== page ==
• Users Online: 912
  • Print this page
  • Email this page
Year : 2004  |  Volume : 2  |  Issue : 3  |  Page : 210-220

Making Tangible Gains in Parent-Child Relationships with Traumatized Refugees

social worker in the San Francisco Bay Area specializing in work with inner-city and refugee families exposed to family or community violence. She is the president of the Pryor Foundation, a not-forprofit organization devoted to changing behaviors exclusively through positive reinforcement. Her book, Teaching Empathy: Animal-Assisted Therapy Programs for Children and Families Exposed to Violence, was published by the Latham Foundation in 2004

Correspondence Address:
Login to access the Email id

Source of Support: None, Conflict of Interest: None

Rights and PermissionsRights and Permissions

Traumatized refugees arrive in a new country exhausted, depleted and disoriented. Moreover, they have to face many new challenges such as getting legal residency, learning a new language and the ways of a new culture, finding housing, employment, etc. With all these burdens, most parents have little solace to offer their children, children who are also uprooted and overwhelmed. This article describes a few easy and inexpensive interventions that can improve parent-child interaction and encourage children’s cognitive and affective development without taxing emotionally unavailable parents. The activities described can be carried out in war zones and refugee camps that lack toys and supplies for children in order to encourage positive parent-child interaction and the children’s acquisition of age-appropriate skills and attachments.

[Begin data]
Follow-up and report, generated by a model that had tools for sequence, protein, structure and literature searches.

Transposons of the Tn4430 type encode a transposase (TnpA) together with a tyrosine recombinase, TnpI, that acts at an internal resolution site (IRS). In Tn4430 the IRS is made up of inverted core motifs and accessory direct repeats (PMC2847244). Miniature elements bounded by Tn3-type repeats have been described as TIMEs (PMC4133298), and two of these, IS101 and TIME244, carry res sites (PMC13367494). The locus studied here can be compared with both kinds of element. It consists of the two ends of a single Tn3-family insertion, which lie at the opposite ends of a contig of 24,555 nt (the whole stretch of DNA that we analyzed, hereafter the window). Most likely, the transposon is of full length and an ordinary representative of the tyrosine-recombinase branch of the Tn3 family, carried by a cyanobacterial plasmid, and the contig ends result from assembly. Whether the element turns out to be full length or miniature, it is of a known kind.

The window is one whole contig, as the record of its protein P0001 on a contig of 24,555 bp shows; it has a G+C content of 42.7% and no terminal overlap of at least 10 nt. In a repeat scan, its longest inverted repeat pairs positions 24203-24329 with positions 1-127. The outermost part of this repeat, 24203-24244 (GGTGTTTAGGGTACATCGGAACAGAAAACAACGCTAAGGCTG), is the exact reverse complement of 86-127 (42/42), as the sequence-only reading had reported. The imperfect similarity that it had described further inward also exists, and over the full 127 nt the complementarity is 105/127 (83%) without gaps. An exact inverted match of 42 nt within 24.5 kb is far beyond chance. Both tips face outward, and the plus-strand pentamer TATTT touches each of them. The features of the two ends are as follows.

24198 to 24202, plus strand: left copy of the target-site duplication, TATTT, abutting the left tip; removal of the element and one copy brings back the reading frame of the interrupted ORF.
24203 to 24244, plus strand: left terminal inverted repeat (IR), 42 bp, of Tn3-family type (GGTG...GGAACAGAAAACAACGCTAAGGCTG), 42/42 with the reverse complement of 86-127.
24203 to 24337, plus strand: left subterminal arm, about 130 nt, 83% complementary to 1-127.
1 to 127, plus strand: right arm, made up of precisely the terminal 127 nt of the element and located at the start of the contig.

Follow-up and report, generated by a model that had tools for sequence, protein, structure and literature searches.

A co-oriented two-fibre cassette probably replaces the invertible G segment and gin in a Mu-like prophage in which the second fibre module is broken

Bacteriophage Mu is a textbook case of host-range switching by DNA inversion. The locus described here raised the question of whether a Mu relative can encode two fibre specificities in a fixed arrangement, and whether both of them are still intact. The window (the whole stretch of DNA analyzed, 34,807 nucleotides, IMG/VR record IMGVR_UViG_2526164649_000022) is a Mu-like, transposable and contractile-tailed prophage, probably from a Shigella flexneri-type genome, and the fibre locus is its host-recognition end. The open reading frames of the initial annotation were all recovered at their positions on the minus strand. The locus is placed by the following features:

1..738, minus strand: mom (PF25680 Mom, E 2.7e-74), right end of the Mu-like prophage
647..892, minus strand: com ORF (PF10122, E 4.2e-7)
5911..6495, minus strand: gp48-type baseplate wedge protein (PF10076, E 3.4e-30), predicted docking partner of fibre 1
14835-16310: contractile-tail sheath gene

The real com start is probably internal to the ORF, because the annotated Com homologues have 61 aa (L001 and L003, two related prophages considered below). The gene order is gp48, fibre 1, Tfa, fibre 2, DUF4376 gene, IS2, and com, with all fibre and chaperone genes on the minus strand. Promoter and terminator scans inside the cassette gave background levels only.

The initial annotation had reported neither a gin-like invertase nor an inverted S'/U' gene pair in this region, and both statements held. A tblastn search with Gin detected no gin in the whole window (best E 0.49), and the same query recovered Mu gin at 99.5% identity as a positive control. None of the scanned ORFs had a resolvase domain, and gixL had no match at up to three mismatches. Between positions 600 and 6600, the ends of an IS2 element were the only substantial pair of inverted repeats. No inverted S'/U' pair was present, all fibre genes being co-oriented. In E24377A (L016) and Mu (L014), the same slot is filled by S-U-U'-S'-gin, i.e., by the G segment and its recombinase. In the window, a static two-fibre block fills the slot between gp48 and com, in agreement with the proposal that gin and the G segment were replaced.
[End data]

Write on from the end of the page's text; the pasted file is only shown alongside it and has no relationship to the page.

Print this article     Email this article
 Next article
 Previous article
 Table of Contents

 Similar in PUBMED
   Search Pubmed for
   Search in Google Scholar for
 Related articles
 Citation Manager
 Access Statistics
 Reader Comments
 Email Alert *
 Add to My List *
 * Requires registration (Free)

 Article Access Statistics
    PDF Downloaded8    
    Comments [Add]    

Recommend this journal